TAMPA, Fla. (WFLA) — Everyone knows that there’s a lot of money in politics, from grassroots donation drives to big corporate spending sprees. The United States has always had financial interests in politics, from every state and nationally.
State Sen. Joe Gruters (R-Sarasota) has proposed new legislation that would further shield political donors’ privacy and open up those who identify them to lawsuits.
The bill proposed in the 2022 legislative session would, if passed, reform the state’s election finance laws and further privatize who donates to political campaigns. Laws about political donations generally involve non-profit organizations set up to make the donations, through political action committees.
The non-profit organizations that conduct this type of donation effort do not have to disclose the identities of their donors, whether they’re people, political actors, or corporations.
The proposed legislation, called the Personal Privacy Protection Act, would prohibit any “compilation of data that directly or indirectly identifies a person as a member of, supporter of, volunteer for, or donor of financial or nonfinancial support to any entity exempt from federal income tax.” The bill also stipulates that public agencies — meaning state, county or local municipalities, departments or offices — cannot release information that could directly or indirectly identify a donor, nor can they compel someone else to do so.
Under the bills, any entity exempt from federal income tax, being a 501(c)3 non-profit organization, cannot be made to release personal information, as defined by the bill, to a public agency.
In short, any identifying information, whether or not intentionally so, is prevented from being shared with anyone, including state law enforcement officials, departments, or agencies. It also prevents the disclosure of information held by a public agency about donors to non-profit organizations, or the organizations themselves. However, there are exceptions to the blanket prohibition.
The bill states that lawful requests for discovery of personal information may occur during litigation should a “compelling need for the personal information by clear and convincing evidence” be given, as well as if a requestor obtains a protective order barring the disclosure of the information to anyone not involved in the litigation. Courts must also, if they reveal information, make a ruling with a finding of good cause before releasing private information publicly.
Essentially, outside of limited circumstances, the information is locked up and cannot be made public. That said, the privacy bill does not apply to “national securities associations” being people or organizations involved in brokerage or over-the-counter market transactions. For U.S. donors and residents, that means companies or organizations that are subject to review by the Financial Industry Regulatory Authority. In the United State, it means publicly listed companies on the New York Stock Exchange or Nasdaq.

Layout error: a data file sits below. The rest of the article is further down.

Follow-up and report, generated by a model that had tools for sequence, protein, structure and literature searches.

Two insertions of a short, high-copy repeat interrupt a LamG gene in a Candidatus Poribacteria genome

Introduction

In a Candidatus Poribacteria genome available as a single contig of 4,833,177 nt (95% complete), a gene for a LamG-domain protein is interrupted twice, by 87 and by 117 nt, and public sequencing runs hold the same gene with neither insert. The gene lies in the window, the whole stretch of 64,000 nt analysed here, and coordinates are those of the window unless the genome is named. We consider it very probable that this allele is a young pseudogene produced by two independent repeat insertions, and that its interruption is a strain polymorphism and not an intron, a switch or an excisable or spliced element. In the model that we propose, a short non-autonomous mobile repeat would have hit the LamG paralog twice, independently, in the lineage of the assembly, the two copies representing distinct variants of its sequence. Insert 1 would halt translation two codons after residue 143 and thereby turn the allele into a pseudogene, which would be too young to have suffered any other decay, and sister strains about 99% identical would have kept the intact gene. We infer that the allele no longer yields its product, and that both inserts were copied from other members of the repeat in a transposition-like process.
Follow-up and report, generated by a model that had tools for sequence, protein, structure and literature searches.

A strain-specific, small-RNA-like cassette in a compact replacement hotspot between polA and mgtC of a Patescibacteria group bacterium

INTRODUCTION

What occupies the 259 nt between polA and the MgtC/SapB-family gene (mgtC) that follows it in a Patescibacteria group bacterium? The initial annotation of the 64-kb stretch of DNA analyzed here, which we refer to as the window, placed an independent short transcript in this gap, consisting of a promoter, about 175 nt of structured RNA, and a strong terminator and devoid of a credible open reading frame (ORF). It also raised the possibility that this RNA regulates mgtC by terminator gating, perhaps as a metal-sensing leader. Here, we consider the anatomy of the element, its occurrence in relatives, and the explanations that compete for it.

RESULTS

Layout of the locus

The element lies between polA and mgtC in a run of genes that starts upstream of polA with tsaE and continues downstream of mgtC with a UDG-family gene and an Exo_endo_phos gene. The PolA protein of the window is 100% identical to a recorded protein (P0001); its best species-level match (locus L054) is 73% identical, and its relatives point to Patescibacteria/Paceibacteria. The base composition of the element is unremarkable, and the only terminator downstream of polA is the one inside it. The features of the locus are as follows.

The bills also contain provisions for how to handle violations of the proposed privacy rights.
According to the bills’ text, someone who alleges a violation of their privacy under this legislation is allowed to bring civil action and seek injunctive relief, damages or both for the violation. For each violation, the injured party would be entitled to no less than $2,500 per violation.
Additionally, for intentional violations, the injured party would be entitled to receive $7,500 or more per violation, as the bill says they are entitled to “a sum not to exceed three times the sum” under the previous definition for damage.
Florida courts would be allowed to award all or a portion of the costs of litigation, to include attorney and witness fees, to those claiming injury if they win their case. Those who intentionally violates the privacy law, if it passes, could also face up to 90 days in prison, a fine up to $1,000, or both. According to the bill text, campaign finance disclosures would not be precluded, nor would information that would have to be disclosed under the Freedom of Information Act.
If the legislation passes both chambers and gets signed into law, it would take effect July 1.
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